A self-confessed "unconventional choice" as ACT ambassador, Rugby World Cup star David Pocock says Australia Day is "a very difficult day" for Indigenous Australians because it commemorates "some truly terrible parts of our history".
Rather than be concerned about what Pocock might say in his role as ACT Australia Day ambassador, Chief Minister Andrew Barr is proud the ACT Brumbies flanker is so outspoken and wishes "there were more people like him".
Born in Zimbabwe, Pocock migrated to Australia 14 years ago and he was thankful of the opportunity his adopted country provided him.
It's seen him become one of the world's best rugby players and he played a large role in the Wallabies making the World Cup final.
But he also has a social conscience - whether it's campaigning for same-sex marriage, getting arrested for protesting against a coal mine, pointing out NSW Waratah Jacques Potgieter's homophobic language to a referee or co-founding charity Eightytwenty Vision, which helps Zimbabwe communities become self-sufficient.
While Pocock said Australia had much to be proud of, he also encouraged Australians to "deal with the tragedies of our past" and reflect on those less fortunate.
His duties as ambassador include cooking the barbecue at Commonwealth Park on Tuesday, as well as attending the annual citizenship ceremony and fireworks.
"For Australia's first nation's peoples it's a very difficult day – commemorating the arrival of the British and some truly terrible parts of our history," Pocock said.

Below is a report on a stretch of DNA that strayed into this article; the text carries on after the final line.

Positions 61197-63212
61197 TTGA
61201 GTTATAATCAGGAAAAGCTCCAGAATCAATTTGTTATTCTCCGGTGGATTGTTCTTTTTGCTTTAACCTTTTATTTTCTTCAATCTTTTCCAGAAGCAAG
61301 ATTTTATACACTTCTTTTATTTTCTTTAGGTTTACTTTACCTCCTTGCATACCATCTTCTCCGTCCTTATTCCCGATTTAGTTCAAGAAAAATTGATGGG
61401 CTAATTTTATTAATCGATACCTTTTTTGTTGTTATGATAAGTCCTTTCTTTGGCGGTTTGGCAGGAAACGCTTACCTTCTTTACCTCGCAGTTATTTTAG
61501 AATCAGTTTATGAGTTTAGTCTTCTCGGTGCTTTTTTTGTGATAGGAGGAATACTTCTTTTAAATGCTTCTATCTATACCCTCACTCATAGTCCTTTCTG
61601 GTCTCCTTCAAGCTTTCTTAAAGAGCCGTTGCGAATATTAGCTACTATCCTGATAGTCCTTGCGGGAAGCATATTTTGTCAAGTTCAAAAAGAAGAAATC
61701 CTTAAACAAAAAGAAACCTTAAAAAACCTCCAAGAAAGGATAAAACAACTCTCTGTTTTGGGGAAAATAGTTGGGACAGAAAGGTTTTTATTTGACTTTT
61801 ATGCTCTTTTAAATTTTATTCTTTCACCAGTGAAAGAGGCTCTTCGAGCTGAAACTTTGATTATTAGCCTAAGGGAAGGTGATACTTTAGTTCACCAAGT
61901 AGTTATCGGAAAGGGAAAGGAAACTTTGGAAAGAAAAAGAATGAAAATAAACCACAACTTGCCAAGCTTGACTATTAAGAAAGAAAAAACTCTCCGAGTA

"My hope is that these celebrations will include our intentions to continue to support the equal and life-giving opportunities for all of us who are the Australian people.
"So this Australia Day, let's celebrate what's great about Australia, let's reflect on our shortcomings and renew our commitment to continuing to make Australia a great nation so that everyone, from our first peoples to our most recent – even those that arrive by boat – can truly live in a lucky country."
Barr said freedom of speech was an important part of being Australian, which was one of the reasons he backed Pocock for the role.
"David is outspoken on many issues and I'm proud of that," Barr said. "I'm really proud that this community in many different facets supports that – from the Brumbies organisation, rugby union in Australia, the Canberra community and Australia more broadly.
"What that is a reflection of is how much work David puts into so many different causes. I wish there were more people like him in our community."